Superfund Research Program
On Site Mercury Remediation via Activated Fly Ash
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Mercury (Hg) is one of the most harmful and toxic pollutants to humans, and it is predominantly introduced into the environment in vapor form from burning fossil fuels. Fossil fuel consumption results in ever-higher mercury concentrations in the air, water, soil, and, ultimately, in food that humans consume. The U.S. Environmental Protection Agency (EPA) estimates that mercury instigated healthcare costs range between $37-90 billion dollars annually. Recently, the EPA has instituted much stricter mercury emission regulations (effective April 16, 2015) that set a mercury emissions cap between 1.2-4 pounds of Hg per trillion British Thermal Units depending on the coal rank for all existing electrical generating units. These regulations have created a significant economic and technical compliance challenge for the electric-utility industry, and many power plants face shutdowns if mercury emissions are not contained. The current most viable mercury capture technology, activated carbon injection, cannot possibly solve all existing technological and economic challenges. With stricter limits, mercury removal efficiency with activated carbons decreases exponentially, thus more and more activated carbon has to be transported to the site of operation and injected. Activated carbon injection costs are already very high, and generally range from $6,000-$50,000 per pound of Hg removed.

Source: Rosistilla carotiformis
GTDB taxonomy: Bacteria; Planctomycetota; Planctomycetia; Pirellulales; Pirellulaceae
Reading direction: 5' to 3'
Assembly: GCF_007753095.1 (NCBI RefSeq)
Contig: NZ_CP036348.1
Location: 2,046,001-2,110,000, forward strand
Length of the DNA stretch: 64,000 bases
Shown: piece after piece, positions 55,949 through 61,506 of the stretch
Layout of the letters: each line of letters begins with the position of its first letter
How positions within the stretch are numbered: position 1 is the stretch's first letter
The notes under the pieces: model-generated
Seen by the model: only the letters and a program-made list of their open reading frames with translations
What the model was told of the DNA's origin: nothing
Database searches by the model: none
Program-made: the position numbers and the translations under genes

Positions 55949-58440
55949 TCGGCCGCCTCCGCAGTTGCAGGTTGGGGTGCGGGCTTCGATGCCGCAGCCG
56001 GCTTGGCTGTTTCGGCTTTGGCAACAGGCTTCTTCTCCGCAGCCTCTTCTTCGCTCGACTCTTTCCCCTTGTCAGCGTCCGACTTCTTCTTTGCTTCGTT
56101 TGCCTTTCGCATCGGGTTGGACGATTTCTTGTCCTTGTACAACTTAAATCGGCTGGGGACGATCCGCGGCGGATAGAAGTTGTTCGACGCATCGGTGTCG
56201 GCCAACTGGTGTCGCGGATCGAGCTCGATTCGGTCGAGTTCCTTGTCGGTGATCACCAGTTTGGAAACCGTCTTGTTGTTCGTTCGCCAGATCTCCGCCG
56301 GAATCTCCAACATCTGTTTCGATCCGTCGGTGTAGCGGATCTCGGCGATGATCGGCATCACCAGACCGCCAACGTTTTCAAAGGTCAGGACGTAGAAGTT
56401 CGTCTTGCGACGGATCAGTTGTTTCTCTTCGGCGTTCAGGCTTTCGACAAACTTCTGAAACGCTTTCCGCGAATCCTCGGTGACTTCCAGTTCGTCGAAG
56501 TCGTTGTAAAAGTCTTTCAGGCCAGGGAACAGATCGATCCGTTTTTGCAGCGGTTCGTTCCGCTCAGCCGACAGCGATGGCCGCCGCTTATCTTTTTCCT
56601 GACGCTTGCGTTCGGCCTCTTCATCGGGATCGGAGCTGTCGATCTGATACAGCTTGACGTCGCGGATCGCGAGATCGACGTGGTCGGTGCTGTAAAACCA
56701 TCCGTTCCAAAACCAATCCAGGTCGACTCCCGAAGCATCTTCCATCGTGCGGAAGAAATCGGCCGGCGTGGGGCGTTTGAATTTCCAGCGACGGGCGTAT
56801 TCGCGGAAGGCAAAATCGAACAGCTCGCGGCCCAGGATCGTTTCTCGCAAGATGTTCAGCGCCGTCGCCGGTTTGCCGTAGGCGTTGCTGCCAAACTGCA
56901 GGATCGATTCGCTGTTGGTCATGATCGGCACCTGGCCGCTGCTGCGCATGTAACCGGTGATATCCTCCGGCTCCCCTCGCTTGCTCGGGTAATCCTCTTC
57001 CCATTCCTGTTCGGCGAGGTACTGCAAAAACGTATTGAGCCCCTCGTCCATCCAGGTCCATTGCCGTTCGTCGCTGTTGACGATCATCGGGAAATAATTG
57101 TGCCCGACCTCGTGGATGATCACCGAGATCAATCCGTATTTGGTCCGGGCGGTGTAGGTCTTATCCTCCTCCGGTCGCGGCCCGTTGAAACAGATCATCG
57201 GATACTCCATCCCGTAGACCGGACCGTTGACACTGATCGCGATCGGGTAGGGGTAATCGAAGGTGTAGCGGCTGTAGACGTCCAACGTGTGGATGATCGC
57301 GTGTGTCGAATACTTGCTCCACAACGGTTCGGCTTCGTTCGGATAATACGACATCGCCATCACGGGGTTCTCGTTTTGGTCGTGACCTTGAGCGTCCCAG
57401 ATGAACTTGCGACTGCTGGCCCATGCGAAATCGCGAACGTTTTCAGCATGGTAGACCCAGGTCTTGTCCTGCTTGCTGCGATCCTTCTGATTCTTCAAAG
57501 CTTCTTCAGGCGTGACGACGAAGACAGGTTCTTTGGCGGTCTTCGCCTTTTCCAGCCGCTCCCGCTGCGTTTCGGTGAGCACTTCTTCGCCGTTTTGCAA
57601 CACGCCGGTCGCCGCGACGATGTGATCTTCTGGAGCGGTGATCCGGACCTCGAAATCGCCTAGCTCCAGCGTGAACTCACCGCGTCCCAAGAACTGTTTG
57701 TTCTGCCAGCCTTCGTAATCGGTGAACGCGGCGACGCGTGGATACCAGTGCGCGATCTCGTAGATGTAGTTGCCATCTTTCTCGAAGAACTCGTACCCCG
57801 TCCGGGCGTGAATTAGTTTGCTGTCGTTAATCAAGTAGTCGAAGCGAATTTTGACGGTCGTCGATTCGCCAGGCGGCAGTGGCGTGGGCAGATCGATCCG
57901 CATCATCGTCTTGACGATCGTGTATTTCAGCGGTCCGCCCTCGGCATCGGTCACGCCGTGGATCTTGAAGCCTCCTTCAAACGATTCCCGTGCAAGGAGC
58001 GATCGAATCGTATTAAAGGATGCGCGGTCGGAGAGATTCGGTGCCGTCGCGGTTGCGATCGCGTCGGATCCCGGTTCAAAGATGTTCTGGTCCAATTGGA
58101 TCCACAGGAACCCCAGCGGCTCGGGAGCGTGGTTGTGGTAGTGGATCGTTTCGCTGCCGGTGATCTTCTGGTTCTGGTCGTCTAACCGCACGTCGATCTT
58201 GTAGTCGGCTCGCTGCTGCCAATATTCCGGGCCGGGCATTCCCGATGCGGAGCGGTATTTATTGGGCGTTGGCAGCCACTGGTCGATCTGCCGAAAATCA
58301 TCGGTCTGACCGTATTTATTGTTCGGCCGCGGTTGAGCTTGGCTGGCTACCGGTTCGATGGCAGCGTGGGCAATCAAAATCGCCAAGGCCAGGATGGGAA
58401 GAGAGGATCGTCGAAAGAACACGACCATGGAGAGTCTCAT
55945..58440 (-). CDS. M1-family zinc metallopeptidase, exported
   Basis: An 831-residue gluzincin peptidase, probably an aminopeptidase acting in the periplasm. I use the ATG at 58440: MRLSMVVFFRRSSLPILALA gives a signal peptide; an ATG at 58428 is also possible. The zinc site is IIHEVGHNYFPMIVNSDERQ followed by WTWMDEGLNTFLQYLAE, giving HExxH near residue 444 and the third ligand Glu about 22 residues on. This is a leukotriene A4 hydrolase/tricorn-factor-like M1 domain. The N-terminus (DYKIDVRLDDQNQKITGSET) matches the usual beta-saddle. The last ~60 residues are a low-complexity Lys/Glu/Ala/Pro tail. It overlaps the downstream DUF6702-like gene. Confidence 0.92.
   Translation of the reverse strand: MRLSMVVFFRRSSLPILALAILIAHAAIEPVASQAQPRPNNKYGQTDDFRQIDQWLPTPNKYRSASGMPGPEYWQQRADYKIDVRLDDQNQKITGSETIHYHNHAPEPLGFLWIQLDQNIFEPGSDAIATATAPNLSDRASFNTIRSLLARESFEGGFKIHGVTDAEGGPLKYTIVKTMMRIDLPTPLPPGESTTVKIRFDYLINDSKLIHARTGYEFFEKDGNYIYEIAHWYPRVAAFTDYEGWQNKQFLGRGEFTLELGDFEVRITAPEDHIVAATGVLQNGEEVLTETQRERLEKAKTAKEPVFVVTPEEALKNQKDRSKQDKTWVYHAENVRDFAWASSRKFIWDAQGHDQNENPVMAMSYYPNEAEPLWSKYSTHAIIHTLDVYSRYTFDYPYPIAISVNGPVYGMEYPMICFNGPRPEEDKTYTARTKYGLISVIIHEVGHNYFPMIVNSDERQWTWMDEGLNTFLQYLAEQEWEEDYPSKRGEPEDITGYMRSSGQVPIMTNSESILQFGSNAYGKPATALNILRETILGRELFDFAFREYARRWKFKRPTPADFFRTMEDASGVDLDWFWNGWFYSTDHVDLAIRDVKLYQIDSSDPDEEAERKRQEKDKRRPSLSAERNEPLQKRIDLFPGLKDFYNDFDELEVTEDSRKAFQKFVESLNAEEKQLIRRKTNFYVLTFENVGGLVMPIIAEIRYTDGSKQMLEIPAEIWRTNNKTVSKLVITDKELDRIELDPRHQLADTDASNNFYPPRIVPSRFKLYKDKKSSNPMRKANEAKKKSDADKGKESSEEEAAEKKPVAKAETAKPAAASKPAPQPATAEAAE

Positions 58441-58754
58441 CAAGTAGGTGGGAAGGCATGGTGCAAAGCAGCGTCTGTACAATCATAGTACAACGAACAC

The deployment of a new, cost-effective Hg-capture technology is crucial to mitigate mercury associated human health risks, national healthcare costs, and to cost-effectively assist the electric-utility industry in capturing mercury. The researchers' Phase I work has produced remarkable results where they have demonstrated an innovative fly ash based sorbent (X-FA) capable of powerful mercury capture at a fraction of current costs. The principle of the new sorbent is an innovative coating technology that deposits a thin mercury oxidizing activator layer around the fly ash particles. Once in contact with mercury vapor, the activator coated powder chemically binds and captures mercury. Many advantages over existing technologies come with the new sorbent development, including an upfront material production on-site of the source of pollution. The researchers are currently conducting necessary final research to demonstrate the X-FA sorbent on an industrial scale (beta injection tests at multiple coal-fired boiler/power facilities). Upon completion of Phase II an immediate X-FA product commercialization is expected to occur.